Museum Cocktails: Three Great Libations Inspired by Art to Make at Home Right Now

Can a cocktail offer a deeper understanding of a work of art? According to some museum officials, yes. With many still closed and others beginning to announce reopening dates, museums around the country have been hosting digital happy hours as a way to connect with their homebound audiences. Some have gone further, inventing new cocktails inspired by works in their collections and searching through bartending books for drinks that complement the art under discussion. Here are three stops in a museum bar-hopping tour.

Joseph Mallord William Turner, Harbor of Dieppe: Changement de Domicile, 1826.

Joseph Mallord William Turner, Harbor of Dieppe: Changement de Domicile, 1826.

Widow’s Kiss
The Frick Collection, New York

1½ oz. Calvados
½ oz. Bénédictine D.O.M. liqueur
½ oz. Yellow Chartreuse liqueur
2 dashes Angostura bitters
1 mint leaf

1. Combine the ingredients with ice and stir.
2. Strain into a chilled champagne coupe.

Mocktail recipe available here.

Arguably, the museum that takes its art-historical bartending most seriously is the Frick Collection in New York. Its Friday evening YouTube program, “Cocktails with a Curator,” is a roughly 15-minute look at a single work in the museum’s collection, matched with a thematically relevant, often little-known libation (plus a non-alcoholic variation).

The cocktail paired with Rembrandt’s The Polish Rider, for instance, includes buffalo-grass-infused Polish vodka. For J. M. W. Turner’s Harbor of Dieppe, it’s a lethal concoction known as a Widow’s Kiss (reproduced above), purportedly administered to the women of Dieppe, France, whose husbands had been lost at sea.

Screenshot of Xavier F. Salomon holding up the Widow's Kiss cocktail.

Xavier F. Salomon during “Cocktails with a Curator: Turner’s Harbor of Dieppe.”

“The idea is to talk about the work in an interesting, engaging way, and to show how these works are relevant to issues we’re facing today,” said Xavier F. Salomon, chief curator at the Frick, who has presented most of the segments to date. He added that cocktails “came as a very New York thing—the idea that people after work on a Friday evening go out for a drink.”

Salomon selects the drinks for his segments, at times consulting bartending books and a far-flung network of colleagues. His friends in Dieppe, for instance, told him about the obscure Widow’s Kiss, with its unfamiliar ingredients. “It’s surprisingly good,” he said.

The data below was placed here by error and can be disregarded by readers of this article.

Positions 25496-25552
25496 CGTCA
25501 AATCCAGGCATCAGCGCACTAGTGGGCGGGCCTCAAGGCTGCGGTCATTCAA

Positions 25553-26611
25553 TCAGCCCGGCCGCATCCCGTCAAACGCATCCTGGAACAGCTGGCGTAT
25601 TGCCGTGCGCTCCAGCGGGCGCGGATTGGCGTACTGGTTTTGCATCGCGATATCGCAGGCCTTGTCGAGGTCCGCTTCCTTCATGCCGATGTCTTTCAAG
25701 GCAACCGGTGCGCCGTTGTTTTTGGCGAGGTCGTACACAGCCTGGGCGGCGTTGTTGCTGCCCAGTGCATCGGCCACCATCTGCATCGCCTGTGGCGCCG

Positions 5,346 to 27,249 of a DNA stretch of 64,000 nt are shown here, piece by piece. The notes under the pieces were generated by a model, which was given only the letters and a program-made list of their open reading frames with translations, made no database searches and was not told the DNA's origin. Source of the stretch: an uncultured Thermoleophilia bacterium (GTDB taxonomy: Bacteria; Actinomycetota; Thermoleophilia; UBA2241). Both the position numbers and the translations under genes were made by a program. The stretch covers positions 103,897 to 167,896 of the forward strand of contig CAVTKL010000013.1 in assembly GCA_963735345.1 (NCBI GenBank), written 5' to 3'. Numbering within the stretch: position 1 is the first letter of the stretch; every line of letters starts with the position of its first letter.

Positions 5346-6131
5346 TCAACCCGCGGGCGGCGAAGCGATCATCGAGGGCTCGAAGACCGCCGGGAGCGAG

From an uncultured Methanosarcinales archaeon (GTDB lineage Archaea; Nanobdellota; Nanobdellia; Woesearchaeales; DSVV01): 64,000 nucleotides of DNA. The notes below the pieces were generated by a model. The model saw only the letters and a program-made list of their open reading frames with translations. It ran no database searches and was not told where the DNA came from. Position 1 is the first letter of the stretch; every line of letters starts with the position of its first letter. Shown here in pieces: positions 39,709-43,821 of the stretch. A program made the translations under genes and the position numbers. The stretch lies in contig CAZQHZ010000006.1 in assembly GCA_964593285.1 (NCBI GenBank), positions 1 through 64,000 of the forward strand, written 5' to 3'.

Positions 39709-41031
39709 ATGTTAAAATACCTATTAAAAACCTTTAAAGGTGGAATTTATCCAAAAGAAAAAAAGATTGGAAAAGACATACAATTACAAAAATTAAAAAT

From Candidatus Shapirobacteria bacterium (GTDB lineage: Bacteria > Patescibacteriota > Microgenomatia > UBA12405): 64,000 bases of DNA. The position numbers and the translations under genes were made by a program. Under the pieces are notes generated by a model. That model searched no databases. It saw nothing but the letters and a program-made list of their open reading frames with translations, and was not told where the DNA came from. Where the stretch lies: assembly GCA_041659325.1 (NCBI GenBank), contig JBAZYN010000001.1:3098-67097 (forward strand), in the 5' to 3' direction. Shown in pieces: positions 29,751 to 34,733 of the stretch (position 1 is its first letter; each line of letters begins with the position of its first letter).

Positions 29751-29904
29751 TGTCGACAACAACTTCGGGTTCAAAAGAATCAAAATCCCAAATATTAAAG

The response to “Cocktails with a Curator” has been overwhelmingly positive, with viewership approaching 100,000 in the first month alone. The audience has been broadly international, drawing viewers from as far afield as South Africa, Australia, Finland, Israel, and Ecuador.

Salomon said that his team plans to continue the virtual “Cocktails with a Curator” for the foreseeable future. The experience, he added, is changing the museum’s approach to reaching a wider audience. “The online presence is something that we’ve now learned how to use, how to engage with,” he said, “and I think it’s something that’s there to stay.”

Left: František Kupka, The Yellow Scale, ca. 1907. Right: “Fugue in Yellow,” a custom-made cocktail by MFAH beverage manager Harold Madison, inspired by Kupka's painting.

Left: František Kupka, The Yellow Scale, ca. 1907. Right: “Fugue in Yellow,” a custom-made cocktail by MFAH beverage manager Harold Madison, inspired by Kupka’s painting.

Fugue in Yellow
Museum of Fine Arts, Houston

1½ oz. Plymouth gin (adds more of a tropical taste than other gins)
½ oz. ginger liqueur (like Domaine de Canton)
½ oz. lemon juice (strain if fresh)
½ oz. lime juice (strain if fresh)
½ oz. pineapple juice (strain if fresh)
1 oz. mango nectar (no sugar added, preferred)
1½ tsp. sugar or simple syrup
1 raw egg white (no yolk)*
1 slice of dried mango

1. Add juices, sugar, liquor, and egg white to mix (in that order).
2. “Dry” shake (no ice) for one minute. Shake vigorously in an up-and-down motion so that the liquid goes from the top to the bottom of the shaker.
3. Add ice and shake until very cold, ensuring that the ice and liquid go to the top and bottom of the shaker.
4. Pour contents into a glass, using a Hawthorne strainer to avoid getting ice in the glass.
5. Garnish with dried mango.

*The egg white makes a thick, frothy foam on top. Don’t worry, alcohol kills the bacteria, but if you do have an egg allergy, you can omit.